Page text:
what you get here

This is not a blog which expresses instant opinions on current events. It rather uses incidents, books (old and new), links and papers as jumping-off points for some reflections about our social endeavours.
So old posts are as good as new! And lots of useful links!

Tuesday, December 18, 2012

Francophiles, Turkophobes.... and a Kipling poem

The Elephant (second-hand English) bookshop has now at last reopened in its more central location in Shishman St, Sofia. The books are more accessible – although still a few piled high. I emerged last week clutching 5 –one of which was Julian Barnes’ collection of essays on France - Nothing to Declare. He really is a superb writer!
You don't read Barnes to be transported into imaginary realms, or to encounter the struggle and pathos of humanity. You read him, rather, for that superior tone and for his voice; in many ways, his novels are all voice - amused, languorous, insouciant and arch. You read him for his hauteur, his gift of cultivated digression and for his riffs and anecdotes. Above all, you read him as an essayist, one of our best.
Nowadays, any newspaper columnist who can sustain an argument of more than 1,000 words is recognised as an essayist, but the popularity of the column or 'piece' is no more than an example of the cheap popularisation of the essay in a degraded culture. Dr Johnson called the essay an 'irregular, undigested piece'. That is right. The column is too regular, too finished; it's an easily digested piece. But the essay, as perfected by Montaigne, Charles Lamb and EB White, strives for literary permanence. It concerns the search for a personal voice, of the kind that animates the most successful offerings in Barnes's new book of essays about France.
Barnes first visited France in the summer of 1959. He was 13, on holiday with his parents, and was enchanted; he has been returning, at irregular intervals, ever since. France, it seems, is the idealised Other against which he measures all other countries, including England, and finds them, by contrast, a perplexing disappointment. He accepts many of the stereotypes about the French: that they are Cassanovan in sex and Machiavellian in politics; that they are 'relaxed about pleasure' and treat the arts 'as central to life, rather than some add-on, like a set of alloy wheels'.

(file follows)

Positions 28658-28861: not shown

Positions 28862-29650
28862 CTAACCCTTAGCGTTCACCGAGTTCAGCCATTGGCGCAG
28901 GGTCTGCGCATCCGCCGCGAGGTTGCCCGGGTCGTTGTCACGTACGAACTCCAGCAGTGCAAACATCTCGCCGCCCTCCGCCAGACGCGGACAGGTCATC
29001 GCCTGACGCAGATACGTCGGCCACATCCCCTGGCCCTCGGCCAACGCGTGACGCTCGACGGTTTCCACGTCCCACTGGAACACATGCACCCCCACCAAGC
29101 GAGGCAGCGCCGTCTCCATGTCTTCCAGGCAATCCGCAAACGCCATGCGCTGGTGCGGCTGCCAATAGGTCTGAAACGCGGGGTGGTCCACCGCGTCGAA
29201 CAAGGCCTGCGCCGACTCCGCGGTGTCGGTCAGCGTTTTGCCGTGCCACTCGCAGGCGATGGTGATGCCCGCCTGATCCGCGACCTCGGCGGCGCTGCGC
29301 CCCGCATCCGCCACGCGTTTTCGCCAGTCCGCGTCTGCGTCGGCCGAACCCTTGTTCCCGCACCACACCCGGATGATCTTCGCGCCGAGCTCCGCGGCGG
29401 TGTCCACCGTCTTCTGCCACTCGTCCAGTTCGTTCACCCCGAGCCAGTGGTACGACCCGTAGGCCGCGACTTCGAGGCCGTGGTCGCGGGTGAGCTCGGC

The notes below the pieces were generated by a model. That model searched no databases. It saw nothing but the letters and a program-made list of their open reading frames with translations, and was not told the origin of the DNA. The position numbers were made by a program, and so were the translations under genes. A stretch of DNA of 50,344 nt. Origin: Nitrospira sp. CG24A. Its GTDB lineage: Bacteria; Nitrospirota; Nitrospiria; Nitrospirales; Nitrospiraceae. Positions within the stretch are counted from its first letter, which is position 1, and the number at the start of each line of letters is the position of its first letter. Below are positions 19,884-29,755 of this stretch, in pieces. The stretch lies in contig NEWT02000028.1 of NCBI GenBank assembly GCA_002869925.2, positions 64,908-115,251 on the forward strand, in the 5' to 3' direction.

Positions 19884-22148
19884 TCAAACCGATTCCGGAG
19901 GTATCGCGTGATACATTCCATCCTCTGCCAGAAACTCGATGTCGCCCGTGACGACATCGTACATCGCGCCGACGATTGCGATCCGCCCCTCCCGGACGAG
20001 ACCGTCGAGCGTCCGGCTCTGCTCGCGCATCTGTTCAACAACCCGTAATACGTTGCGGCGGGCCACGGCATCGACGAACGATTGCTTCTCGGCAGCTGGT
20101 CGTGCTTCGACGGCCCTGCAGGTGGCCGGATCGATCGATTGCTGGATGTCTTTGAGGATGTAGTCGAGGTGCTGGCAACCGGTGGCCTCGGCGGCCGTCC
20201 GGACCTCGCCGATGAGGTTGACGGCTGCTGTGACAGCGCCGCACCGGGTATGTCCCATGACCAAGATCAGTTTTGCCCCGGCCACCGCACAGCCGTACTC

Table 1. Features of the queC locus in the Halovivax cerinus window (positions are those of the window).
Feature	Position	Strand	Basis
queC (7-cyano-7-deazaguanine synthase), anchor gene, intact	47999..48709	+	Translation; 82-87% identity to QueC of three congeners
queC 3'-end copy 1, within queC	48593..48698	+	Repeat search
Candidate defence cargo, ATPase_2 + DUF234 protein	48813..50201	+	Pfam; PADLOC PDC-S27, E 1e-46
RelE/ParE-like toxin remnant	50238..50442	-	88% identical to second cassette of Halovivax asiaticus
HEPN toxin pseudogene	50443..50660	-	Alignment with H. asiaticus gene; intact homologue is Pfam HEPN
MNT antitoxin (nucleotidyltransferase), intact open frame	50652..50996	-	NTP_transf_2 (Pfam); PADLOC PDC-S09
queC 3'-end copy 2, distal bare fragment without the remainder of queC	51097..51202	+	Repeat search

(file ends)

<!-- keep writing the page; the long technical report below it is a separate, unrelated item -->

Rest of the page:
Books about Turkey never fail to fascinate me and Tim Kelsey’s Dervish – travels to modern Turkey (1996)  was another book in my package. Most books I’ve read on the country are balanced if not positive – but
in vain will the reader search for passages on the splendors of ancient Ephesus, Cappadocia's fairytale landscape, pristine Mediterranean beaches, colorful bazaars or amusing anecdotes about friendly locals. Instead the author of “Dervish” paints an almost dystopian portrait of a country that, just a decade-and-a-half ago, appeared so full of contradictions that social, political and economic meltdown lay just around the corner.
It is, however, a gripping read - focusing on the marginal underside of Turkey - with chapters on transvestites and the minorities struggling for survival in the troubled south-east. It's all a good reminder of how far Turkey has travelled in the past decade. For those wanting a more rounded picture of the country, Hugh Pope recommends his best 5 reads on Turkey

The Sofia-Bucharest drive is one of the most civilised I know – and I know my central European roads! In 1991 I was based in Copenhagen and drove a lot to and from places such as Gdansk (when the first election campaign was underway); Berlin (in which I had an employer in 1992); Prague (where I worked and lived from 1991-93); Budapest (Miskolc and Nyíregyháza 1993-95); Bratislava (and Nitra 1996); and Bucharest.
Friday gave a superb, relaxed drive (despite the heavy snow of the previous days) – initially over the Balkans – arriving Bucharest at 4pm. And Saturday’s visit to the Humanitas and Carterescu bookshops bagged another 5 books – including a lovely poetry compendium (with CD) The Great Modern Poets ed by Michael Schmidt which contained this amazing 1917 critique of ruling elites written by a man usually associated with Victorian Imperialism – Rudolph Kipling
Our dead shall not return to us while Day and Night divide--
  Never while the bars of sunset hold.
But the idle-minded overlings who quibbled while they died,
  Shall they thrust for high employments as of old?

Shall we only threaten and be angry for an hour:
  When the storm is ended shall we find
How softly but how swiftly they have sidled back to power
  By the favour and contrivance of their kind?

Even while they soothe us, while they promise large amends,
  Even while they make a show of fear,
Do they call upon their debtors,  and  take  counsel  with  their
     friends,
  To conform and re-establish each career?
                         
Their lives cannot repay us--their death could not undo--
  The shame that they have laid upon our race.
But the slothfulness that wasted and the arrogance that slew,
  Shell we leave it unabated in its place?
I'm surprised this poem has not been dogging Tony Bliar as he is followed around by those wanting to have him prosecuted for war crimes for the death of so many people in the Iraq invasion and occupation. The poem was written in the aftermath of the British invasion a hundred years ago of...Mesopotamia

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